Gwynne Dyer's War, now in its first UK edition, is widely regarded as one of the most compelling analyses of the history and psychology of armed conflict. Veteran political journalist and military historian Dyer argues against the inevitability of warfare in clear, intelligent and eminently accessible prose, submitting neither to resignation nor false optimism. The multipolar world that has arisen since the fall of the Iron Curtain has forced a re-examination of the accepted fundamentals of history. Dyer traces the psychology of soldiers to the workings of whole armies, and then to broader historical movements and how they change over time - or don't. He argues that war, as an act of mass violence, has remained unchanged; the only real change has been technological. Can shared values, widely disseminated, help us move beyond mass warfare? Does the endless threat of terrorism help preserve the military status quo? Are traditional military and administrative hierarchies still relevant? Why do humans fight wars? Is it even possible to tame the impulse? How can we unlearn war?War is essential reading on the way to resolving these perennial questions, and is a valuable historical treatise as well as a fervent, persuasive call to pacifism.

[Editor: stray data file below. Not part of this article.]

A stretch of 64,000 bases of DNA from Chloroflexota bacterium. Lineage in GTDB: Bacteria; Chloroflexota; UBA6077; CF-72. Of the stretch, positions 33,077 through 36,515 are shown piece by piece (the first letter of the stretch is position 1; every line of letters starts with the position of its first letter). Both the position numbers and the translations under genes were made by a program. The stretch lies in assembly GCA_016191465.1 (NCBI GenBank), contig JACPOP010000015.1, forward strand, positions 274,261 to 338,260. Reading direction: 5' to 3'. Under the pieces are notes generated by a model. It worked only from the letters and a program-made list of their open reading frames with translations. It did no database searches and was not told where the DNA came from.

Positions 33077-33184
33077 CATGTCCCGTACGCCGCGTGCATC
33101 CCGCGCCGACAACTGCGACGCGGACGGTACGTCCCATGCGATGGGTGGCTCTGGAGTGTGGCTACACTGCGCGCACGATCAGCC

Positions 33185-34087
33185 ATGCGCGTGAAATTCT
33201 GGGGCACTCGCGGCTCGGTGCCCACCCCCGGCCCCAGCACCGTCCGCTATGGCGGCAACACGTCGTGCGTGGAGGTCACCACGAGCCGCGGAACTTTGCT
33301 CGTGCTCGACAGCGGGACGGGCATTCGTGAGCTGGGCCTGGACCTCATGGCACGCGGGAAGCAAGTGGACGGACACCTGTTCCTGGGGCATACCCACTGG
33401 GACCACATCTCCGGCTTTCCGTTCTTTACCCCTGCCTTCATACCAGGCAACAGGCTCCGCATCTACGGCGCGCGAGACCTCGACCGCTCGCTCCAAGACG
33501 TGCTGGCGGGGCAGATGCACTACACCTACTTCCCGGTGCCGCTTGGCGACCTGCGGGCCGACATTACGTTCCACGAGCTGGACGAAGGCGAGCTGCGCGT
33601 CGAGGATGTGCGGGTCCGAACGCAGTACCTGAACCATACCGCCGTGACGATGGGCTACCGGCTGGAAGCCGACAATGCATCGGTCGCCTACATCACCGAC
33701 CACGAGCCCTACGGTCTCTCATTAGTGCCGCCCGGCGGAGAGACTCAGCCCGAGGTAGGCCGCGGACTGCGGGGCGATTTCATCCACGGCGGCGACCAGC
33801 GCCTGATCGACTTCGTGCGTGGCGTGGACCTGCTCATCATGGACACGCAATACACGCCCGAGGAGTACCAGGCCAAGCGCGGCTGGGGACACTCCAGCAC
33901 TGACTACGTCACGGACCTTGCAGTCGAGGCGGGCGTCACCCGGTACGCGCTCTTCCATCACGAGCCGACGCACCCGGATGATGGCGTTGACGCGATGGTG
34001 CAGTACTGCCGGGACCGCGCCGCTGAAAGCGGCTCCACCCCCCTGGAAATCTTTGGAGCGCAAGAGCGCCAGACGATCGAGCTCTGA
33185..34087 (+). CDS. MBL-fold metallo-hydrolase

Gwynne Dyer has served in the Canadian, British and American navies. He holds a PhD in war studies from the University of London, has taught at Sandhurst and served on the Board of Governors of Canada's Royal Military College. His syndicated column appears in more than 175 newspapers around the world. He is the author of Don't Panic!: ISIS, Terror and the Making of the New Middle East (Periscope, 2016).